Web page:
Friday, May 22, 2009

OK, So I Was Wrong. It Happens.

Terry Goodkind is not only an adherent of Objectivism, but considers Ayn Rand to be the greatest philosopher since Aristotle.

Search me! I honestly don't know how people can believe this crap. Thing is, I'm myself harboring convictions that aren't all that dissimilar—but you really got to avoid getting sucked into buying the whole enchilada, mainly because it makes no sense. Not that Aristotle is the final word on 'sense', but Objectivism? Give me a break! It goes against everything we know about the human mind; against all the evidence we have about how the human mind actually works, insofar as it's workings are contingent upon the physical structures that allow it to exist and express itself. Rand-ism is an unscientific philosophy, born out of ignorance about biological realities. Surely, you'd think so anyway, that alone should cause those subscribing to the supreme power of reason, as instanced by the method of scientific inquiry, to abandon this silly ideology.

But, no. No no no.

There is an explanation for this, of course. A simple one. One with a supreme touch of irony that should prompt us all into a slightly embarrassed kind of snigger.

"People are stupid; given proper motivation, almost anyone will believe almost anything. Because people are stupid, they will believe a lie because they want to believe it's true, or because they are afraid it might be true. People’s heads are full of knowledge, facts, and beliefs, and most of it is false, yet they think it all true. People are stupid; they can only rarely tell the difference between a lie and the truth, and yet they are confident they can, and so are all the easier to fool."

Recognize it? The thing is that Objectivists, thinking that they can actually appeal to 'reason' as an arbiter of 'truth'—excepting that accessible to the above-mentioned scientific inquiry—are exactly in that class of people whose heads soaked in convictions that actually can not be proved, not even suggestively so, by reason. Choices of action—what to do or what to believe to be true, to mention just two areas where such choices are made—are, at this level, matters of values. The word 'value' is a placeholder for a general class of those mental quantities that make us decide this way, rather than that; selectively attend to this thing rather than that one.

And, no, a ham-sandwich is not a 'value', as Goodkind would have it in his little philosophical spiel linked to above. A ham sandwich is just an object like any other, except that, for non-vegetarians at least, it may be associated with a mental 'value' of, say, "I like it" or "I'm hungry, and this is edible and will assuage my hunger"; which in turn will prompt a decision to eat it, rather than not. For a vegatarian it will also have an 'eek' value associated with it, and these two, in what amounts to a mutual mental competition, will lead to the need to ultimately make a choice that qualifies as a recognizable 'choice' as we think of it. "Should I eat this or not? I am hungry, but I don't want to eat the leftovers of a dead animal."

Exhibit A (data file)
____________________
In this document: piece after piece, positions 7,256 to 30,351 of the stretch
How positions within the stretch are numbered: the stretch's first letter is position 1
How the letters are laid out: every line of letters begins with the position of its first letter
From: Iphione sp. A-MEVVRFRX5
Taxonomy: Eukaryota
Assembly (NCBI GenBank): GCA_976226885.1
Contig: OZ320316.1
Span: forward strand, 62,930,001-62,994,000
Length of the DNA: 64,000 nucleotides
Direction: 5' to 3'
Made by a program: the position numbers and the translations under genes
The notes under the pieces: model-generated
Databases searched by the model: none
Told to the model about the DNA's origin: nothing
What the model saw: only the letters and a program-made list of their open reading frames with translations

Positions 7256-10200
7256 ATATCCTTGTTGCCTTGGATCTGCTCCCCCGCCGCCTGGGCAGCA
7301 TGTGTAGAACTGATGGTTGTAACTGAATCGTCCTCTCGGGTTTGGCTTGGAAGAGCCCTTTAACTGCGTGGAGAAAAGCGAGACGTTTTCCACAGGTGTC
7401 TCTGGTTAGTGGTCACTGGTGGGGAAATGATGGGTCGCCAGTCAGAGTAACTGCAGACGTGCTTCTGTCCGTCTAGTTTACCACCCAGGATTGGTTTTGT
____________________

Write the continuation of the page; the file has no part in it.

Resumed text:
Values battling it out with values about basic decisions. Reason doesnt come into it, except in terms of evaluating the object and possibly the need to ingest food, which is related to survival, the desire for which is another 'value', and a strong one at that. And one might think that it is reason that ultimately decided if the ham-sandwich will get eaten. But in truth it is the competing values that have been activated in our minds in response to having performed the act of cognition that can be summarized as "This is a ham sandwich."

And, yes, reason might also show us a way out of the dilemma of having to make a choice; a way out to make the value competition be resolved with all values 'winning', if you will. I'm sure you figured that out, yes? (Solution: take the ham out of the sandwich and eat the rest.) But in that instance, reason wasn't actually the one doing the choosing either. It was all a way of the mind making the value competition come to a best-result outcome.

When you deconstruct Obectivist nonsense, usually a task so easy it is almost embarrassing, you might end up at the same place I usually do. I'm still not sure whether I'm sad or should just laugh about the terrifying applicability of the WFR. There are passages in the Goodkind books I'm reading (listening to) just now; passages that relate to ideology and how one is ensnared by them and by how everything, every aspect of one's thinking, tends to double back into one's ideology, because that's become the immutable framework of one's existence. And when I come across these, I want to say, "Terry, just listen to yourself! Listen and pay heed."

Still, the things—and maybe that's more important than Objectivist poppycock—that I do agree with in the Goodkind philosophy, is the value of life; the general railing against the religious, of the supernatural-god kind; and the notion that nobody but yourself can make, or ought to be allowed to make, the decisions that determine who and what you are and what you do and what you think.

If it comes down to it, and if I had to choose between people being stupid on the Objectivist side, as opposed to being stupid on the religious one...well, give me the Objectivists any damn day.

No comments: